As the disagreements escalated into armed conflicts, both sects formed the first standing armies of warrior monks, called sōhei. When the Genpei War broke out in 1180, the warrior monks of the two sects found themselves on opposing sides, the Enryaku-ji Sanmon monks supporting the Taira clan while Mii-dera's Jimon monks supported the Minamoto clan.

Only after the end of the Genpei War and the establishment of the Kamakura shogunate did the conflicts between the two sects settle down. However, the division and disagreement lasted several centuries longer, until both temples were destroyed by the forces of Oda Nobunaga at the end of the 16th century. Though it is unclear when the names Jimon and Sanmon fell out of use, and when the two temples ceased fighting, the destruction of both temples by a greater, larger outside force brought a definite end to their quarrels.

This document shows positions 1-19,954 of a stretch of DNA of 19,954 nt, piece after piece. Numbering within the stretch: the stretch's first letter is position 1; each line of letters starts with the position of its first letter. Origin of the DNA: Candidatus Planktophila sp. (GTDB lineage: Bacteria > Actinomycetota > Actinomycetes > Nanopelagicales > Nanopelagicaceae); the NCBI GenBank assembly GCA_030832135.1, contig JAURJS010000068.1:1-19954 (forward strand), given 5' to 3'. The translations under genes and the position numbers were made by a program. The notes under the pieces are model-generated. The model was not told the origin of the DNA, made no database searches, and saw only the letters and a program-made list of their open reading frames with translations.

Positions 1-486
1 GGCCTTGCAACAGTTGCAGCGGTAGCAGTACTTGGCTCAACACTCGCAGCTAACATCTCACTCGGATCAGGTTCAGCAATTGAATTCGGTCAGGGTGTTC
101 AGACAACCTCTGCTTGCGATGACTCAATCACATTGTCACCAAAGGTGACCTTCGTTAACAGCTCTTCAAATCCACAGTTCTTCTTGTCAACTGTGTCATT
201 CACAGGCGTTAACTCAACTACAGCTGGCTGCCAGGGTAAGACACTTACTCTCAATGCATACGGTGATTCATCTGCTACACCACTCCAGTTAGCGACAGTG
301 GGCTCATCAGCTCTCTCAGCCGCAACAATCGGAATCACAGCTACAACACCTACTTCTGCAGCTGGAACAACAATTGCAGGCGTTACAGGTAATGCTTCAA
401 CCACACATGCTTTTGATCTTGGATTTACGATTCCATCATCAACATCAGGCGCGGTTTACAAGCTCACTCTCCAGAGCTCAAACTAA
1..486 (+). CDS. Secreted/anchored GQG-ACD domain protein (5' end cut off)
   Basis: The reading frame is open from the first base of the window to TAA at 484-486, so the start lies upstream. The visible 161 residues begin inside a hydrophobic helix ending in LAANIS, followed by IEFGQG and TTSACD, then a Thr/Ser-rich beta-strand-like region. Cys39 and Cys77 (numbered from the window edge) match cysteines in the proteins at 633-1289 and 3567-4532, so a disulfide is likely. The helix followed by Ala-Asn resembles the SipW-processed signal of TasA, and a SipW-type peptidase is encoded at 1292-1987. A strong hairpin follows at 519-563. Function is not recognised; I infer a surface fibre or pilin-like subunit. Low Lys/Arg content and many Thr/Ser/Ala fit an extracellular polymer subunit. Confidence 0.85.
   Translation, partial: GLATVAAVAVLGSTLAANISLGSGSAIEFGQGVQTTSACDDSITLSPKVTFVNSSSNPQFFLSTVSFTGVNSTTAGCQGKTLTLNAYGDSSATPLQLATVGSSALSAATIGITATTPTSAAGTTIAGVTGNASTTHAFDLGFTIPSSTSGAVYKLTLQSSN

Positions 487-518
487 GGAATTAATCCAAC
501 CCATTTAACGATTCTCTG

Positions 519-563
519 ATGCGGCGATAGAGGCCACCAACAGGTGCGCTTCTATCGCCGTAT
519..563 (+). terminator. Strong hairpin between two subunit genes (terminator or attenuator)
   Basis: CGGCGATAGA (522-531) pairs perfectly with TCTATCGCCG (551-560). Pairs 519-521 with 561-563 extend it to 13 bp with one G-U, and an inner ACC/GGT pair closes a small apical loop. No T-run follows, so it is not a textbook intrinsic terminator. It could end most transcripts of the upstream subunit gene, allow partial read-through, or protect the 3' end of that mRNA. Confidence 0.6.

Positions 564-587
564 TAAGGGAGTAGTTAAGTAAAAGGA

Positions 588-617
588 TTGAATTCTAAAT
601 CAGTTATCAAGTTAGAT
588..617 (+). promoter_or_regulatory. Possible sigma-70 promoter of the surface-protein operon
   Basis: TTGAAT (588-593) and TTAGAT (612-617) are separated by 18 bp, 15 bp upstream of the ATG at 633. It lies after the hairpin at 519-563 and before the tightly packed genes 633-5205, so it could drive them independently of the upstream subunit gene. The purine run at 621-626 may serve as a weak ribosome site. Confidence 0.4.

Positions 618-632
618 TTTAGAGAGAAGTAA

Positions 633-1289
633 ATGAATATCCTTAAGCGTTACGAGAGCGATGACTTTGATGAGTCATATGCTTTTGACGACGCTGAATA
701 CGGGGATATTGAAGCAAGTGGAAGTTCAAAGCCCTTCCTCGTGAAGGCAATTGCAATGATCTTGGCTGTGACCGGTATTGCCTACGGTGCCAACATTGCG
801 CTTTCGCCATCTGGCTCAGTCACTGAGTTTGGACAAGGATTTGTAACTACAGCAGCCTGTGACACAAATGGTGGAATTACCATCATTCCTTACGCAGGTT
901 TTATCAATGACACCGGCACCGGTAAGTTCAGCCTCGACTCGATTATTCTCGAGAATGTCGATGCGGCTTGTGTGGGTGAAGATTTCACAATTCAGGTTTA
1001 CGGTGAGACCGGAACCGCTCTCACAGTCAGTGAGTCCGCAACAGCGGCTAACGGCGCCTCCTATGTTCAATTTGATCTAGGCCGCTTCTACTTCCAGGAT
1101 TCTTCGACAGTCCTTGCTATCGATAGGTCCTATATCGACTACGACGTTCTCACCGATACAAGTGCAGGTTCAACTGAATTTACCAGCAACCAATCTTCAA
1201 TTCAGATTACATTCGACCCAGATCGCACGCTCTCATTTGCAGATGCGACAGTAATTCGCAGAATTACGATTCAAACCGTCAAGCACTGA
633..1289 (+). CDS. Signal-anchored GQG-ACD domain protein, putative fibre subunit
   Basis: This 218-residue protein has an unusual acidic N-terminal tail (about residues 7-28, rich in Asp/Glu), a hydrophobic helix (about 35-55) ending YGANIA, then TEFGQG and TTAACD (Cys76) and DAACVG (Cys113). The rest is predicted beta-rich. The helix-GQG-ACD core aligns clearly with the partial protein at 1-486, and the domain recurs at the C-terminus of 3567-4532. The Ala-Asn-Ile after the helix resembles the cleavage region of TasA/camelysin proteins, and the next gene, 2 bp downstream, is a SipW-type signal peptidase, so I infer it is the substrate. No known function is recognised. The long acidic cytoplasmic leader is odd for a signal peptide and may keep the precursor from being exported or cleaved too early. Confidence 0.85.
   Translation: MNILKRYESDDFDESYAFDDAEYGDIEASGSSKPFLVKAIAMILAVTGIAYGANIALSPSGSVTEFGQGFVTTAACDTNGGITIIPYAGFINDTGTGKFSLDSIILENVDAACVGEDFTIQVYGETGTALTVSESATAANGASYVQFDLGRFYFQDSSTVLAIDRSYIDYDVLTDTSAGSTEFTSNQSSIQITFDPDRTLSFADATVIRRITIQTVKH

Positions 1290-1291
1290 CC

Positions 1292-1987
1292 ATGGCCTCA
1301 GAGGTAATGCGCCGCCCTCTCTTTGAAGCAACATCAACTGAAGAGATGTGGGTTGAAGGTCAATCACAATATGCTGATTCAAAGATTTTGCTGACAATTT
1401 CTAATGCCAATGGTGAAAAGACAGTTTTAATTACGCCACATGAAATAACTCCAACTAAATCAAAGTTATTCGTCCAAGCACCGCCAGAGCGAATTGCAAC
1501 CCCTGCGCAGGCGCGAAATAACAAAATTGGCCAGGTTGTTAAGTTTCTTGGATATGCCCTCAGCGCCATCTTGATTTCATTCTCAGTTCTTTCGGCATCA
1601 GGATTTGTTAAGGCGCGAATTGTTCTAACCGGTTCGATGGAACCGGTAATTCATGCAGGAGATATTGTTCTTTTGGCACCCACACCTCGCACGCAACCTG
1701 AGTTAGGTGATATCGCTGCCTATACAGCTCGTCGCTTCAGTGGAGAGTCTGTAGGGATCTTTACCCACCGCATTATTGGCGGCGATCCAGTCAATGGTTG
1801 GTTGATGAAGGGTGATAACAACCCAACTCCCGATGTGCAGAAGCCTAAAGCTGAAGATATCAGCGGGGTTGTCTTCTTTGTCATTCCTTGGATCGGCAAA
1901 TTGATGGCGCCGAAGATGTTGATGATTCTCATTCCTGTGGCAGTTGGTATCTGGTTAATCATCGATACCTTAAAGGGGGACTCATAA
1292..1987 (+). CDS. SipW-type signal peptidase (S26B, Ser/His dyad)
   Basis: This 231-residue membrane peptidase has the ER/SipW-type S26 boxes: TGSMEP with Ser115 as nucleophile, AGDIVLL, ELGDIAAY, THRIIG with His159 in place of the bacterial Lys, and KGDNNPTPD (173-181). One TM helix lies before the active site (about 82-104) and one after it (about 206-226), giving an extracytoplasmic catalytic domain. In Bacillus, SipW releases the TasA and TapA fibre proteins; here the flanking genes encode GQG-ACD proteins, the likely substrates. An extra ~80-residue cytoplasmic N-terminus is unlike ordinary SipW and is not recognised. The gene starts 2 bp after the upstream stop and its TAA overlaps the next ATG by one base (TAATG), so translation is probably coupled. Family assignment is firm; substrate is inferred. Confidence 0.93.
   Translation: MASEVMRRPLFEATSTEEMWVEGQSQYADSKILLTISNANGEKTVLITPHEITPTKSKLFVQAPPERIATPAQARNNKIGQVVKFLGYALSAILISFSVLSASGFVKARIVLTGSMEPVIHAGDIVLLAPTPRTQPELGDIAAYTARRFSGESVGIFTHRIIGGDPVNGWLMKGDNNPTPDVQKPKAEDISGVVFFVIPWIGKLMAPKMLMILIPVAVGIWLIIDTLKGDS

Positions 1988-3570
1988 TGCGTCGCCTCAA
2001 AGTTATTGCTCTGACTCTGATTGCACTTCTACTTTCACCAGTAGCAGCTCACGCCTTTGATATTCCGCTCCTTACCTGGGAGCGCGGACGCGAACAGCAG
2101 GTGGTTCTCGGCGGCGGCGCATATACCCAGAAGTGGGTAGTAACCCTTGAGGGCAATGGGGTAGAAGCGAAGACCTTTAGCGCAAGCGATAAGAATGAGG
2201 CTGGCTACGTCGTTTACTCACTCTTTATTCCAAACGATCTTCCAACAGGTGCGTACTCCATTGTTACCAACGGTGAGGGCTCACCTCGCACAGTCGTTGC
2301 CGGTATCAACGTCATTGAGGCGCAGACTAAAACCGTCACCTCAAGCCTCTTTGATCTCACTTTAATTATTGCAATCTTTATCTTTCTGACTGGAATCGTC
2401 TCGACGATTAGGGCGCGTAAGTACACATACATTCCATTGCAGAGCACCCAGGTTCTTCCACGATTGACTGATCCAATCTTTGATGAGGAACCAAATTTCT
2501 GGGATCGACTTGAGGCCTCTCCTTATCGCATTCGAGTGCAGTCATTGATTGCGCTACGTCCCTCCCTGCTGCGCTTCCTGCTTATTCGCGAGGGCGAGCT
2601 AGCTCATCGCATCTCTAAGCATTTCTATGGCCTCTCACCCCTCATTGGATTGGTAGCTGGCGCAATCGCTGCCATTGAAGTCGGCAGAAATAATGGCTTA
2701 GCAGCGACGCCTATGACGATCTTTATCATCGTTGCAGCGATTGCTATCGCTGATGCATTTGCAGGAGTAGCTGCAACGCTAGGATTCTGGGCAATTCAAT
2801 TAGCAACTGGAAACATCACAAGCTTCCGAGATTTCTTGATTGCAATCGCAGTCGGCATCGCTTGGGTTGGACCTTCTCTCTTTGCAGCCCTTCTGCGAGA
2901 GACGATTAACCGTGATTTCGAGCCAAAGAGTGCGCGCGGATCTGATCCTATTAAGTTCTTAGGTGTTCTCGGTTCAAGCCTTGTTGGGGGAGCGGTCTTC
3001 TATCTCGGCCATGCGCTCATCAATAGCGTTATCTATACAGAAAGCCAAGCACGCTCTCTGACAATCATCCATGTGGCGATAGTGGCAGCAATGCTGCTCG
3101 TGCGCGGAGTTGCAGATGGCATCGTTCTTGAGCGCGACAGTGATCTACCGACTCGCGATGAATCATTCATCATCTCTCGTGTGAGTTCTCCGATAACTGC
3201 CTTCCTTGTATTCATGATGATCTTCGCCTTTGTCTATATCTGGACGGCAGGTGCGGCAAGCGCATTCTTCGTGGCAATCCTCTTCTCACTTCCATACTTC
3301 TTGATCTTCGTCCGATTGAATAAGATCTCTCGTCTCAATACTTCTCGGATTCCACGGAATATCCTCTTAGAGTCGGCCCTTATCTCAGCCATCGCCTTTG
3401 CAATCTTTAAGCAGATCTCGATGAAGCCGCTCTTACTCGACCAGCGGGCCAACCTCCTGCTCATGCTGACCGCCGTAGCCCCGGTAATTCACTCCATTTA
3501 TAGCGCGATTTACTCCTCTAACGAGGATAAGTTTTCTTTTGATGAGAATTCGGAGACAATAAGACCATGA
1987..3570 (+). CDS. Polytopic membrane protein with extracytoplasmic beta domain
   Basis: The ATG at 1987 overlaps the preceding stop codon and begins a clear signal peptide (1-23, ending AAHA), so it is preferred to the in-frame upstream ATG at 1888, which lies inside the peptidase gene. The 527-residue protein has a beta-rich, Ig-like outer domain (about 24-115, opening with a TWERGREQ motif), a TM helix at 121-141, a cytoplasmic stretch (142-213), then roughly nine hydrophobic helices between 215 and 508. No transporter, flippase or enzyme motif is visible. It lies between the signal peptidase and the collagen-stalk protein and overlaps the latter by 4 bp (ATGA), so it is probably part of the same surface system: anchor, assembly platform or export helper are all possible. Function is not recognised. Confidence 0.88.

List of National Treasures of Japan (ancient documents)

The term "National Treasure" has been used in Japan to denote cultural properties since 1897.